Sentiment Analysis generates a label on unstructured text input using natural language processing. The Sentiment Analysis function classifies raw text as positive, negative, or neutral. Raw text input can include data streams such as messages, customer reviews, IT tickets, or computer logs. The function predicts the classified output label on observed text samples in real time on the stream. The user may provide optional sentiment labels, which can be used to improve the model incrementally as each new labelled example is ingested and observed over time.
Sentiment Analysis is useful for downstream processes such as flagging negative customer reviews for contact by a customer service representative in a customer service application.
Function Input/Output Schema
- Function Input
- This function takes in collections of records with schema R.
- Function Output
- This function outputs collections of records with schema S.
The required fields are in bold.
| analyze_sentiment value="input"
- Syntax: string
- Description: Name of column containing the free text. For example, reviews, tweets etc.
- Example: ucast(map_get('json-map', "reviewText"), "string", null)
- Syntax: double
- Description: If the label is given (-1 for negative and 1 for positive), the labeled text is used to update the model. If the label is 0 or not present, the model makes an inference for the sentiment of the text without making any change to the model.
- Example: cast(label1, "double")
For each observed data point, Sentiment Analysis computes and outputs a probability score between 0 and 1. The closer the probability score is to 1, the more likely the sentiment is negative.
A threshold should be applied to the Sentiment Analysis probability score to classify each sample as positive, negative, or neutral. For example, the following thresholds can typically be applied for each class of labels:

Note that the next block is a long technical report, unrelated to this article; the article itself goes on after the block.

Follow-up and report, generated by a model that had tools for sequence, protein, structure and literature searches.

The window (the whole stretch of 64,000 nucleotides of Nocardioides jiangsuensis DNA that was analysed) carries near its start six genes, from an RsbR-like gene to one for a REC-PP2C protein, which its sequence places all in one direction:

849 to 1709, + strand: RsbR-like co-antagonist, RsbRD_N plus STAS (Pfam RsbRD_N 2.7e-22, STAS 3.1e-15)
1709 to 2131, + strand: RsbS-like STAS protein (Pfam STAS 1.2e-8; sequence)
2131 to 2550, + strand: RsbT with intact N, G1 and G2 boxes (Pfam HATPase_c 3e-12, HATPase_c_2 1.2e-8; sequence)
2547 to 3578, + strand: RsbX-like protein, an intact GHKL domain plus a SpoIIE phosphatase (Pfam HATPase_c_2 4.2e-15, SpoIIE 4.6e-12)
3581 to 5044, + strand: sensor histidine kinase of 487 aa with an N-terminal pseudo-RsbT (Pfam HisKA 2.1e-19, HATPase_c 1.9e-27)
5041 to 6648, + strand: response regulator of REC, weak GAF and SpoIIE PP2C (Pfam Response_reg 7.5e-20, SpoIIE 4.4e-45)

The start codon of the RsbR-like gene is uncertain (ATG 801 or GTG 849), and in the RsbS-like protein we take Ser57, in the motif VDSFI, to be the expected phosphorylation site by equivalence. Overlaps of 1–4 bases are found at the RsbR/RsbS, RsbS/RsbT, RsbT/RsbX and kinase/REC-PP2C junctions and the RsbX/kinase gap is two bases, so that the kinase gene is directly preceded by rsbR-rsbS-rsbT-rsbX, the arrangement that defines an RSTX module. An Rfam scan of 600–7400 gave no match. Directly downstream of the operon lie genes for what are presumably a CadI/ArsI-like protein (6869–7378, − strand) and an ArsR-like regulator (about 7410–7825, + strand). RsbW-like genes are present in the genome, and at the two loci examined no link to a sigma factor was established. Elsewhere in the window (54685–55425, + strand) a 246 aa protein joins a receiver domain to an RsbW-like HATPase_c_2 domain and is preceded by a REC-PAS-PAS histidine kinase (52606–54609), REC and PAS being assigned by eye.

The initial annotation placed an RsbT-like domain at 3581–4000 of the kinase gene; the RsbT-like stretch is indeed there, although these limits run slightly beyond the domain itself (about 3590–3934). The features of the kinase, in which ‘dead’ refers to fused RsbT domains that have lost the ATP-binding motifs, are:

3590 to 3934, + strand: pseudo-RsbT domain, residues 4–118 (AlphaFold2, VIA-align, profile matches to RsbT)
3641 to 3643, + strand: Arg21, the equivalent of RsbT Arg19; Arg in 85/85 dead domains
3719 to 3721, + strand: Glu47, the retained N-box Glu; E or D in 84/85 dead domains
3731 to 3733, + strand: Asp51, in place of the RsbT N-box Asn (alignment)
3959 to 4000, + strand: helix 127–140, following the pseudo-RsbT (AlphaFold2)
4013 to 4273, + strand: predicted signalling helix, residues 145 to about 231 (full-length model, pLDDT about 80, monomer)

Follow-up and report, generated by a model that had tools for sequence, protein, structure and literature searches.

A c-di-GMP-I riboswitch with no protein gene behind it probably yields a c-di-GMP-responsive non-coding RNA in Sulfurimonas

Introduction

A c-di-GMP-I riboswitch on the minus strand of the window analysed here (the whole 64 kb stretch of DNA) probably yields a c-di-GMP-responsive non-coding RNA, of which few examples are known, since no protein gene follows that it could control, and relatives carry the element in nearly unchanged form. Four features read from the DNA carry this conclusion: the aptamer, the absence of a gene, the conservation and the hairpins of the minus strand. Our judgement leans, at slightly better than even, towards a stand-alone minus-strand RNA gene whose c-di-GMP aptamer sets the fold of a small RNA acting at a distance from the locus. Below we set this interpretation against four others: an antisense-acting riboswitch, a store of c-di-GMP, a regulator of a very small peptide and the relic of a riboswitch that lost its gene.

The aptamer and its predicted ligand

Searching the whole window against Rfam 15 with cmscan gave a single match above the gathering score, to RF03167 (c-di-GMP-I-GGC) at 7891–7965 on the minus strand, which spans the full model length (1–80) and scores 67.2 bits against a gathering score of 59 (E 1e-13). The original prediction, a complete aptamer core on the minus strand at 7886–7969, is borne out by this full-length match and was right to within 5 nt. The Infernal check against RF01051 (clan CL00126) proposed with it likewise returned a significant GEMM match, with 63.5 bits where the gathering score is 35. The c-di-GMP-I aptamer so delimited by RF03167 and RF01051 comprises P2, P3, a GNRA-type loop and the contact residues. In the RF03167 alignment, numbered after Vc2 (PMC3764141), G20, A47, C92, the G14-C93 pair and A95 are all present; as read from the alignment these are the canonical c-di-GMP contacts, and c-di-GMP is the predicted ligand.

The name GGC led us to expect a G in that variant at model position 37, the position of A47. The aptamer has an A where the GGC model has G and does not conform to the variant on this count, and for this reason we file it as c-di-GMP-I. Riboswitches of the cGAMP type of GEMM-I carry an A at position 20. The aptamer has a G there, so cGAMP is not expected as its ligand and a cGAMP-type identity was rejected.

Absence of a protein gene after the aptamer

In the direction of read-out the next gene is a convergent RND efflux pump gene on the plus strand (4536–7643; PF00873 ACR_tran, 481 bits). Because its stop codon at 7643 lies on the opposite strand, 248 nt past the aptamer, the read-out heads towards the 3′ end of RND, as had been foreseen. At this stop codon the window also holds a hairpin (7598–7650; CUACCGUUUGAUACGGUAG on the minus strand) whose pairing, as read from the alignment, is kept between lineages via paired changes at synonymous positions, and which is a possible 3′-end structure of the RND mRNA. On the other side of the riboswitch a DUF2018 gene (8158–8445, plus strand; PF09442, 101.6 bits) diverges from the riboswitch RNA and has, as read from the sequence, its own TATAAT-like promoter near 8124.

- < 0.25 can be applied to label positive sentiment
- 0.25 < p < 0.75 can be applied to label neutral sentiment
- > 0.75 can be applied to label negative sentiment
Sentiment Analysis is useful to monitor the overall feeling and sentiment of text over time. Detecting sudden changes in overall sentiment may indicate an important shift in user behavior or customer satisfaction. It is possible to apply downstream operators, like Drift Detection or Anomaly Detection, on the output of the Sentiment Analysis model.
For example, it is possible to identify shifts in average sentiment in a stream of user feedback by applying the Drift Detection model to the average sentiment score on a rolling window. It is also possible to identify outliers that represent extremely negative or extremely positive reviews by applying an anomaly detection model, like Adaptive Thresholding, to the numeric stream stream of sentiment scores
The following example uses Sentiment Analysis on review text:
| from splunk_firehose() | eval json=cast(body, "string"), 'json-map'=from_json_object(json), input=ucast(map_get('json-map', "reviewText"), "string", null), label1=ucast(map_get('json-map', "label"), "integer", null), label=cast(label1, "double"), key="" | analyze_sentiment value="input";
Sequential Outlier Detection
This documentation applies to the following versions of Splunk® Data Stream Processor: 1.2.0